Upcycling and Recycling in Milan

Wednesday, 5 May 2010

Saved by Droog, images by Stefanie Gratz via Droog
In the weeks building up to the Milan furniture fair there was much talk in the press of the problems of 'overdesign' and questions such as 'does the world really need another chair?' The seemingly endless exhibition halls of the Fiera Milano cover a staggering 345,000 sq m all crammed to the brim with new design. Each stand is constructed within 3 days, is in use for 6 days and then ripped apart and thrown into a skip in just one day. So inevitably, the world's largest furniture fair is synonymous with the creation of an awful lot of waste, something that doesn't sit that comfortably with the current reflective mood of the industry.

Jens Praet (left) and Laborartorio Contraprogetto
With this in mind, manufacturers and designers have increasingly favoured anything that makes use of reused objects, derelict spaces and found materials. We saw this trend for recycling and upcycling everywhere at the fair this year. One of the most interesting and prominent examples was by Dutch brand Droog who hosted an exhibition entitled ‘Saved by Droog’; a collection of 5135 items saved from liquidation sales that had been revived and given a new lease of life through design. Droog invited 14 designers to approach the items as a raw material ready for creative re-interpretation. The results ranged from a roll on scent made from an old salt shaker and a glass ball to a striking collection of 100 containers that had been coated in a bright blue flock. All of the items were exhibited and sold throughout the week.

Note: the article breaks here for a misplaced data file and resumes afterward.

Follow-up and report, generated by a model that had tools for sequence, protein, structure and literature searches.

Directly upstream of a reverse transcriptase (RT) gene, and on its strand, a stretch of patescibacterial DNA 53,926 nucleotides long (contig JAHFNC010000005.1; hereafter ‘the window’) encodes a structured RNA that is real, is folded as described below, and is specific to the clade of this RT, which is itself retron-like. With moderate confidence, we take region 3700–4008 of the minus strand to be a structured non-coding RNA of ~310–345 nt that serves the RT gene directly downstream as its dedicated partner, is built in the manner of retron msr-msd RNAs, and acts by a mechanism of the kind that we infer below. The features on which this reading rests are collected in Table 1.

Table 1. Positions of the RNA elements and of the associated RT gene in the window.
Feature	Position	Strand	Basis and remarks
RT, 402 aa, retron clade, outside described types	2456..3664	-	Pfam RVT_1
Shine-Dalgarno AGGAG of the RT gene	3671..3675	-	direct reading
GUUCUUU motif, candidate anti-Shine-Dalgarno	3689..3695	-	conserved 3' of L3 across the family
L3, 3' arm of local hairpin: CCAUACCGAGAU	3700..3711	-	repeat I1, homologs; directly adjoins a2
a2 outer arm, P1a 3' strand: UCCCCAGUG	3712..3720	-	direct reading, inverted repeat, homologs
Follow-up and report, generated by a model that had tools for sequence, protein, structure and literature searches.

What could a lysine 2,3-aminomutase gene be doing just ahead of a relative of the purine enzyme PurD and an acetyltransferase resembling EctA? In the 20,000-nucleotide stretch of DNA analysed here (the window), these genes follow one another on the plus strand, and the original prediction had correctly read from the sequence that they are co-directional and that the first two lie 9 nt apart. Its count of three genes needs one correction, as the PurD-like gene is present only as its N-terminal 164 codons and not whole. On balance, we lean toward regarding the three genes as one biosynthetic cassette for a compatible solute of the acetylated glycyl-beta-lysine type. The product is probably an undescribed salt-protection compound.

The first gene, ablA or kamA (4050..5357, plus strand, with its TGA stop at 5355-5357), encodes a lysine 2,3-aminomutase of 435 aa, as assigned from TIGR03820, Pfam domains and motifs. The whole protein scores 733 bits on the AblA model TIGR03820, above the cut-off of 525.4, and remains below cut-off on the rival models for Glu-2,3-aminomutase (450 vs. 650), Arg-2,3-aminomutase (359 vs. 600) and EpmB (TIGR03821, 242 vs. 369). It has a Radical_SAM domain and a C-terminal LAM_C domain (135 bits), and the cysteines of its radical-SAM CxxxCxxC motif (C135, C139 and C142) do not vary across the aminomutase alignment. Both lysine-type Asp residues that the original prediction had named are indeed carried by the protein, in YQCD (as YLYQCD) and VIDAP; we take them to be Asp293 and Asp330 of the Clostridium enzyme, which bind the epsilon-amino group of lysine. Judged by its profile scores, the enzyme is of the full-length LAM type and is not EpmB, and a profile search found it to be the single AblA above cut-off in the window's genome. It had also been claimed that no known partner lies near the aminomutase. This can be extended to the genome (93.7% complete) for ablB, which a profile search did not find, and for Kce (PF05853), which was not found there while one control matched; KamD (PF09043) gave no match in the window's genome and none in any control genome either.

Elsewhere the trend was demonstrated through the use of recycled materials with emphasis on process. Studio Jens Praet mixed shredded waste paper with resin to produce a collection of hand cast tables and stools whilst Italian design studio Laboratorio Controprogetto used polished strips of reclaimed wood to create a series of beautifully crafted tables and chairs.

The trend even extended to the choice of exhibition space with Ventura Lambrate Design Distric, a former industrial district to the east of the city centre, making it’s debut as a design district. Initiated by a Dutch event company named ‘Organization in Design’, Lambrate promised to bring the focus back to design content rather than commercially driven PR stunts. The district played host to the RCA and Made in Arnhem who were both situated in old factories while Autofficina, a group of six young independent Dutch designers, took over a garage.

Ali Morris